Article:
Scene IV of Shaw’s Saint Joan and Joan’s Opposition

June 11, 2019 by Essay Writer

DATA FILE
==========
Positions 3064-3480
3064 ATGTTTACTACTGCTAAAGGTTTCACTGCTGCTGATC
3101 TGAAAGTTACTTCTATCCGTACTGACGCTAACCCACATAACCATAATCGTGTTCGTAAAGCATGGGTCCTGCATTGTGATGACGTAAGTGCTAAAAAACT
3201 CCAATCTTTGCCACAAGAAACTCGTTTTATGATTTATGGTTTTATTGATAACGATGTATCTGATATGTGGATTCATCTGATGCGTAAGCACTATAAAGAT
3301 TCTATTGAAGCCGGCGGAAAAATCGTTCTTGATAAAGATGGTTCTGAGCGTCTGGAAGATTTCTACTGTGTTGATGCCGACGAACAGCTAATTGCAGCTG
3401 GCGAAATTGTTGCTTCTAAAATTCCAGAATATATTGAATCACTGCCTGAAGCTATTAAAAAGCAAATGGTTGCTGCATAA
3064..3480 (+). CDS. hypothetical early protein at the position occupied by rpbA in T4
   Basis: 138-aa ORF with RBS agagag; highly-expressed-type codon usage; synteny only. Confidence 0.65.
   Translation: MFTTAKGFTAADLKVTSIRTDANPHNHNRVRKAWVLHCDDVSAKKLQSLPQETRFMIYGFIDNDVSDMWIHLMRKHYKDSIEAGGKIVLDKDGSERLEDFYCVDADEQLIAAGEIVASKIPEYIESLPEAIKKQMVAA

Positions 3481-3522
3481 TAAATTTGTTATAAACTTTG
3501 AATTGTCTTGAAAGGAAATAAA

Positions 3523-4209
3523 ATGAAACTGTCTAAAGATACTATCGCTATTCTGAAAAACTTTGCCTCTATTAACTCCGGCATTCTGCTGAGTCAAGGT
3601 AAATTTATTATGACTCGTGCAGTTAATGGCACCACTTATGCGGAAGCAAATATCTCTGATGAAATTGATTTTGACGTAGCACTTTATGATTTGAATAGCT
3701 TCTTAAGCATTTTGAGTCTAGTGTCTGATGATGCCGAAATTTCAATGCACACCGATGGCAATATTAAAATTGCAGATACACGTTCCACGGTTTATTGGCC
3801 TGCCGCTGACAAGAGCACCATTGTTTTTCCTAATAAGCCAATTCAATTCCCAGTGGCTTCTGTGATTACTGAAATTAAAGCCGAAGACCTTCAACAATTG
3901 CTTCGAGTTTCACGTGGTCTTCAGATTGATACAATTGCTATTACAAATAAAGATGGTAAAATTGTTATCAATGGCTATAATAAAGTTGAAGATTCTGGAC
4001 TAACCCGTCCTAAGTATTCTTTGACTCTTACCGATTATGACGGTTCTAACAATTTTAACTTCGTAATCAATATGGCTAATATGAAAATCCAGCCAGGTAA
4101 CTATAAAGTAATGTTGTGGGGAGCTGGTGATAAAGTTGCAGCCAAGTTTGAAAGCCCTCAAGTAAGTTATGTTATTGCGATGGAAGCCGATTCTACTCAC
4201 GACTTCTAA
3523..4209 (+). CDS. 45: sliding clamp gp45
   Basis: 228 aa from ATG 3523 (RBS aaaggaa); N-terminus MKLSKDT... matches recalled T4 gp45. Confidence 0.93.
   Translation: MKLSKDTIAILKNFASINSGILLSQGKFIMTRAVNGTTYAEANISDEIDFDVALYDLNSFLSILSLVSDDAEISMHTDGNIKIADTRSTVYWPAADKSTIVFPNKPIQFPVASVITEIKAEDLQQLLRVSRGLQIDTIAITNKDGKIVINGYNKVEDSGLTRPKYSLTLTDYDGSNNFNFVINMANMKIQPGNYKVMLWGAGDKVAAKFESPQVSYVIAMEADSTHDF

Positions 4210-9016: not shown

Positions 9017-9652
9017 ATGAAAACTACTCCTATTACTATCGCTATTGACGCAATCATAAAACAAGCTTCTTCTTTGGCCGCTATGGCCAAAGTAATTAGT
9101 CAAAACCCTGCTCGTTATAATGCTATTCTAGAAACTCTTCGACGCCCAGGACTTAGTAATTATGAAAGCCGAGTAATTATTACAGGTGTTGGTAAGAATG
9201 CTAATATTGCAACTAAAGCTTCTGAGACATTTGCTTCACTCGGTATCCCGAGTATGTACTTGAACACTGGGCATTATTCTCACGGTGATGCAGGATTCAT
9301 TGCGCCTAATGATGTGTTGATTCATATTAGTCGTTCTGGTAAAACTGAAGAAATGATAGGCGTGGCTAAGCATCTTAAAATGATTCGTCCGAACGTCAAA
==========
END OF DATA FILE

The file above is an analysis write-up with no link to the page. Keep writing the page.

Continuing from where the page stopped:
“My Lord is the King of Heaven” (633; sc. 1). With these words, Joan of Arc, heroine in George Bernard Shaw’s Saint Joan, declares her allegiance to God. But with these words, she also implies their corrolary: Joan yields to no other authority. The Maid believes she possesses a personal relationship with God which the Church cannot mediate. Her voices tell her to liberate France and entrust the entirety of French-speaking lands to one king, crowned and anointed before God. Her goal of France for the French, however, threatens the existing feudal system. Joan’s seemingly innocuous plan to oust the English and crown the Dauphin in fact threatens two of the most powerful forces of her time: the Catholic Church and the feudal lords. Representatives of these two forces align and conspire against Joan in Scene IV of Shaw’s play. This scene crystallizes the complex motivations of the Church and its secular counterpart and the threat The Maid poses to both. Joan acts devout and religious. Although some accuse her of sorcery and witchcraft, these deeds seem trivial to Cauchon, the Church’s representative in scene IV. “All these things that you call witchcraft are capable of a natural explanation,” he chides. “The woman’s miracles would not impose on a rabbit [… ]” (652; sc. 4). Her heresy, he explains, does not derive from acts against God but rather acts against the Church. Joan acts as if she possesses the ability to interpret God’s will and execute it on earth, a power reserved for the Church. She writes letters to the English king admonishing him to leave French soil, claiming she speaks God’s will and threatening to enforce His decree. “[…T]he writing of such letters was the practice of the accursed Mahomet, the anti-Christ,” Cauchon explains (653; sc. 4). Joan also intends to crown the Dauphin herself, acting as God’s representative at the holy coronation. Cauchon argues, “Has she ever in all her utterances said one work of The Church? Never. It is always God and herself” (653; sc. 4). Joan represents a new form of religion which thrives on an individual relationship with God rather than the edicts of the Church. According to Cauchon, the devil “is spreading this heresy everywhere” (653; sc. 4). He compares Joan to John Huss and John Wycliff, forerunners of Martin Luther’s Protestant revolution. Thus, not only does Joan act as if she possesses the Church’s power, but she rejects the need for the Church entirely.Joan also unintentionally threatens the feudal system. She says that God meant for France to be occupied by French-speaking people and England by English-speaking, but in her crusade to roit the English, she seemingly attempts to unite France as one nation state. The Earl of Warwick, the feudal system’s representative in scene IV, frets over the dissolving ties between peasant and feudal lord, lamenting, “Are these Burgundians and Bretons and Picards and Gascons beginning to call themselves Frenchmen […]? They actually talk of France and England as their countries” (650; sc. 4). Joan’s ideas would elevate the status of the King with respect to the feudal lords. If the people consider themselves French first, then their allegiance necessarily goes to the French king first and their lords second. As Warwick explains, “Her idea is that the kings should give their realms to God, and then reign as God’s bailiffs” (655; sc. 4). Cauchon believes this to be “sound theologically” (655; sc. 4), but Warwick strongly disagrees. “It is a cunning device to supersede the aristocracy […]. Instead of the king being merely the first among his peers, he becomes their master. […] By The Maid’s doctrine the king will take our lands […] and make them a present to God; and God will then vest them wholly in the king” (655; sc. 4). Joan’s aspiration to free France thus disrupts the pervasive hierarchy within the feudal system and makes her an enemy of the feudal lords.Joan’s heresy carries two labels. Warwick declares, “I should call it Protestantism […]” (655; sc.4) while Cauchon explains, “[…T]he French speaking people are what the Holy Scriptures describe as a nation. Call this side of her heresy Nationalism […]” (656; sc. 4). But, as Warwick observes, “These two ideas of hers are the same idea at the bottom. […]It is the protest of the individual soul against the interference of priest or peer between the private man and his God” (655; sc. 4). Joan threatens to integrate allegiance to God with allegiance to King, belittling the secular and the religious intermediaries in the process. Her ideas challenge the roots of the fifteenth century power structure and place her directly in opposition to these dominant forces. She is doomed to incur their wrath. As Warwick observes, “Well, if you will burn the Protestant, I will burn the Nationalist […]” (656; sc. 4). And this is exactly what they do.

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